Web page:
Why Holiday Cards Are My Favorite Gift During This Time of Year

A few days ago I struck up a conversation with a woman in line at the bank. She was friendly, though a trifle panicked.

"It's so hectic," she said. "I'm only halfway through my gifts."

I told her it was wonderful she had so much more to look forward to.

She gave me a pretty, but puzzled, smile and then the teller called for her and our conversation ended.

I fear I do this often. Leave people puzzled, that is. I wanted to explain what I meant to the friendly woman. I wanted to tell her that I was by no means mocking the extensive and no doubt thoughtful gift list I had seen in her hand, or the fact she was preparing to plunge again into the just-before-Christmas-mosh pit so that those she cares for might have tokens of her caring. I wanted to explain the moment I had just come from, and why there was salt on my lips and fatigue in my shoulders and the balm of gratitude warming my mind. But she conducted her banking, gave me a last puzzled smile (points for being nice) and was gone. I kept my conversation with the bank teller straightforward.

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Almost every day now our mailbox contains a holiday card or two from friends and family; although I have never understood why the two are mentioned separately. The cards make me happy. We are graced with friends of all ages. There are pictures of babies throwing their arms wide, and toddlers holding hands, and big brothers gently nudging (under parental supervision) little sisters on scooters, and children who are no longer children stooping slightly to put their arm around their parents, and older friends, whose children now live far away and cannot be there for holiday photos, with their arms around each other. There are also dogs wearing sunglasses and cats wearing nothing, for cats are disinclined to don festive props. Everyone is smiling, even Buddy, although Labradors always appear to be smiling, perhaps because they are anticipating an imminent encounter with something that isn't supposed to be a chew toy.

Although confessing this publicly will now cheat me out of gifts forever, these holiday cards are my favorite gift. They remind me of a bigger picture and a broader season.

I am not so naïve to think all our friends are happy. Families have their problems. Nor do I believe the holiday season is a happy time for everyone. People die at Christmas. Many people are alone. Many people don't realize they will soon be alone. Life is like that.

I always look at the pictures closely.

And I try to do the same thing through the rest of the year.

I watch how my brother-in-law Tim goes about his professional life as an esteemed law professor, and stands in line at the movies holding bags of candy and beaming like a five-year-old (we all lead dual lives). I watch how my niece Meghan laughs so hard she can barely breathe. I watch how her sister Kailen disappears into a book, and those other places where teenage girls go. I watch my mother-in-law Dot's hands fuss efficiently as she does something for someone else (I have many chances to watch this). I watch my wife every chance I get: across the room at a party, falling asleep over school papers on the couch, moving about in the kitchen. I confess that, plenty more than once, I have stood outside our kitchen window watching her. I hope a marriage certificate allows for such things. I love the way she moves; how her hair drifts across her shoulders as she turns to her next task. Watching her -- at a party, in the kitchen, sleeping upright on the couch -- all of it makes me feel impossibly lucky and happy.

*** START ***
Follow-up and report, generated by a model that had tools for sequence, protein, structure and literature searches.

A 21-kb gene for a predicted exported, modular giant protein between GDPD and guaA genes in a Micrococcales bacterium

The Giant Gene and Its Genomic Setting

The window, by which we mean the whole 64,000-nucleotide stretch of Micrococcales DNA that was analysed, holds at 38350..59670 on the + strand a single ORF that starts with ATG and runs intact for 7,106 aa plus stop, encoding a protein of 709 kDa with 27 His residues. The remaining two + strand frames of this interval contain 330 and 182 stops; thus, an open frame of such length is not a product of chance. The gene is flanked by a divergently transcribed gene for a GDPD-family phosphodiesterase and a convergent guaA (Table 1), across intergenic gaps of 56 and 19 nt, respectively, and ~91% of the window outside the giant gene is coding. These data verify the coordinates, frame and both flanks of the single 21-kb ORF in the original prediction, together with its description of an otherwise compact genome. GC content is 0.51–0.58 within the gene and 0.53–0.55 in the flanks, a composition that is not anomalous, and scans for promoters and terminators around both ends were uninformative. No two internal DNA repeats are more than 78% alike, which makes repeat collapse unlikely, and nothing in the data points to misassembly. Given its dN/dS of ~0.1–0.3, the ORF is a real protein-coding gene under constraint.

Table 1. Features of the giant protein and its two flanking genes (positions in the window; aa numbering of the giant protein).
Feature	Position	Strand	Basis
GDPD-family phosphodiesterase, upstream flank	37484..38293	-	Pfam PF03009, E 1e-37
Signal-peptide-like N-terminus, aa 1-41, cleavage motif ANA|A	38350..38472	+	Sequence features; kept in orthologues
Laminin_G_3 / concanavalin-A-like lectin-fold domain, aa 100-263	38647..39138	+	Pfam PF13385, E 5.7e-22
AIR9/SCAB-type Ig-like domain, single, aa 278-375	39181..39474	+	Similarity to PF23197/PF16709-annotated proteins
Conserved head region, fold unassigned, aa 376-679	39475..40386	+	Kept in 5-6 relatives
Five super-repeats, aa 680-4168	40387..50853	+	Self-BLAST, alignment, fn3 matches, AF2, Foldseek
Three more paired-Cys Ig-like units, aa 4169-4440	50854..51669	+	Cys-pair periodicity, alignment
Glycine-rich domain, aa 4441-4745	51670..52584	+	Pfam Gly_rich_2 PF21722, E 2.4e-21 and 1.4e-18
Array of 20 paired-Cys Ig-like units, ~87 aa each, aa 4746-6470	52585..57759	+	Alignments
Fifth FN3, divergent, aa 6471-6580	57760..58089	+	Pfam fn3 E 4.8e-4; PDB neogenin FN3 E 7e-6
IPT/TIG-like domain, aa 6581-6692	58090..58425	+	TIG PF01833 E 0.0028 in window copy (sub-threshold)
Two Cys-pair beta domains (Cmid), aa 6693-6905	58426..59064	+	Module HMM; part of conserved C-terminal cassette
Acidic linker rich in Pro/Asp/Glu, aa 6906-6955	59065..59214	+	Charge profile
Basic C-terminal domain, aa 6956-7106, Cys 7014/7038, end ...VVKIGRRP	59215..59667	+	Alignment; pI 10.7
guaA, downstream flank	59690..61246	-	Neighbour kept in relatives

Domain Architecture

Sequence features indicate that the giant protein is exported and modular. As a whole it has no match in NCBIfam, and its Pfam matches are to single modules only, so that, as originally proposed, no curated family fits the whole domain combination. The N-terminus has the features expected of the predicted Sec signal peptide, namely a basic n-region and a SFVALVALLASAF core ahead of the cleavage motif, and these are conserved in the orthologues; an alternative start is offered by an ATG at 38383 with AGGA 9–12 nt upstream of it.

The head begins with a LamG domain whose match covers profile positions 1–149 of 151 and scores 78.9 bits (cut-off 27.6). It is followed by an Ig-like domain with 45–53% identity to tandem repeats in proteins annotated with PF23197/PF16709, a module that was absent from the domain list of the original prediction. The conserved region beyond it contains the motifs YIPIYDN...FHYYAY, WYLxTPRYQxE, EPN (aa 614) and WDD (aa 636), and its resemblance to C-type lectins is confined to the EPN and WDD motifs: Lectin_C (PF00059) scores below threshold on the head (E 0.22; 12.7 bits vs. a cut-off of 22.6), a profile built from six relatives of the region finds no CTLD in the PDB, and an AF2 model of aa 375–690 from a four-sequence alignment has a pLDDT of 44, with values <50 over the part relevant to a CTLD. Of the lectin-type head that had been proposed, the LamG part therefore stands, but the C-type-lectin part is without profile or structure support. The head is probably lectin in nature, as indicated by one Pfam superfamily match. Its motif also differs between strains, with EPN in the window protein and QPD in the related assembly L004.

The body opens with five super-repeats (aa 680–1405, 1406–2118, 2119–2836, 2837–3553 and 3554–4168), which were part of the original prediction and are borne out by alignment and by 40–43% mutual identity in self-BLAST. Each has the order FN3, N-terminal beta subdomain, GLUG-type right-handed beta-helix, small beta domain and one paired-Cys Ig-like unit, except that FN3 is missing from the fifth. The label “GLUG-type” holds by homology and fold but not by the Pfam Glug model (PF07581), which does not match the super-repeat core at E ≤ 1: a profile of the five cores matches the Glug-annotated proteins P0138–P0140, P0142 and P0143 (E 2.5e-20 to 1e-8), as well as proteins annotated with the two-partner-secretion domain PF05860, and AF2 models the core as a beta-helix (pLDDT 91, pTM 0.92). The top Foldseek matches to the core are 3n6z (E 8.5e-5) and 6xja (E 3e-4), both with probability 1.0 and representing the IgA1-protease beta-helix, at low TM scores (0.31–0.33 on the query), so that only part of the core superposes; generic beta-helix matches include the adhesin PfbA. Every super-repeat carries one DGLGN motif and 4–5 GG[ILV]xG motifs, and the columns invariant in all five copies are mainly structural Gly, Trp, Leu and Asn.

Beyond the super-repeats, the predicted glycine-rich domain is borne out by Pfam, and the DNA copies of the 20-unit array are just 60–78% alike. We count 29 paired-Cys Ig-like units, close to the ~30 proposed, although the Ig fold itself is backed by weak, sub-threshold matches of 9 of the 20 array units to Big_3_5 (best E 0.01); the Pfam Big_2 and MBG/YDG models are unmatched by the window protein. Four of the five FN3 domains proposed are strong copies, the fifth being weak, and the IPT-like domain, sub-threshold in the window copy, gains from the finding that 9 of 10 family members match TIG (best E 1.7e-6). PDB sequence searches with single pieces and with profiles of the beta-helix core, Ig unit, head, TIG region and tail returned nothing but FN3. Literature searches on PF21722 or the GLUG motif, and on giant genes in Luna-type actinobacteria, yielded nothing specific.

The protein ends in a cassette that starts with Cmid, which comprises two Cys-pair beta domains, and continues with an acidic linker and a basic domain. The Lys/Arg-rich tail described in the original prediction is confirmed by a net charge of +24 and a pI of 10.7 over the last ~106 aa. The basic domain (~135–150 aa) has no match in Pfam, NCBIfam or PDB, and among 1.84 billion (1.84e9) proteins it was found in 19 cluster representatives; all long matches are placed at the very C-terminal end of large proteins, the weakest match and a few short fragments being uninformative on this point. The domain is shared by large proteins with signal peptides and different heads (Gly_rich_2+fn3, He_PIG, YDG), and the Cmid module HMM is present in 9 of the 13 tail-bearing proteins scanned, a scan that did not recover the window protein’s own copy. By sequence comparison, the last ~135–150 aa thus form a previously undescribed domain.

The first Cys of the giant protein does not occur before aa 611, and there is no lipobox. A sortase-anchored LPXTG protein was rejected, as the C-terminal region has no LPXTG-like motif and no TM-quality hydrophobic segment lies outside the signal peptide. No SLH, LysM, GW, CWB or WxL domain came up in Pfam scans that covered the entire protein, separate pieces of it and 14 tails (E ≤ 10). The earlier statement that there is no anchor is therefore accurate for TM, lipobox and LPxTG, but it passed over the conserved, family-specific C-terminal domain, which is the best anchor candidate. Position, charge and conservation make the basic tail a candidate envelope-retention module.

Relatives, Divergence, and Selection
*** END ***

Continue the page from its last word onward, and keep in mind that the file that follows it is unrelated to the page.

Today, before I stood in line at the bank, I went surfing with our two sons. They are both back from college, where hopefully they will study hard and find jobs that will allow them to surf at noon on a Wednesday. The waves were good. I drifted beneath gray skies watching my sons paddle into waves, coming to their feet in the fluid, thoughtless manner of the young and riding the wave in the same fashion. Back at the car I did not remind them how lucky they are to be able to do this -- that they are strong and healthy and everything works -- although they will be the first to tell you that I have reminded them of this plenty more than once in the past. My harping on this is something of a family joke. But it is no joke.

Standing in line at the bank I still tasted salt on my lips. Some surfers rinse their mouth out after they surf. I never do. I like the taste of salt on my lips. I love how sometimes when I kiss my wife she cocks her head and says, "You went surfing," and her smile throws its light into her eyes. Sometimes she asks for another taste.

I watch my wife. I watch my family. I watch my friends (my friend Frank has a smile that practically wraps around the back of his head; my friend Carrie warms a room). I watch young couples walk past our house pushing strollers and holding hands. Perhaps this sounds a little creepy. Perhaps you'll understand if I tell you I also watch how the white underside of a sea gull catches the last pink of evening.

All of it is like opening a gift.

About the Author

Ken McAlpine’s latest book “Together We Jump” was praised by Sunset Magazine as “lyrical, evocative and deeply moving…a luminous American novel.” He is based in Ventura, California.
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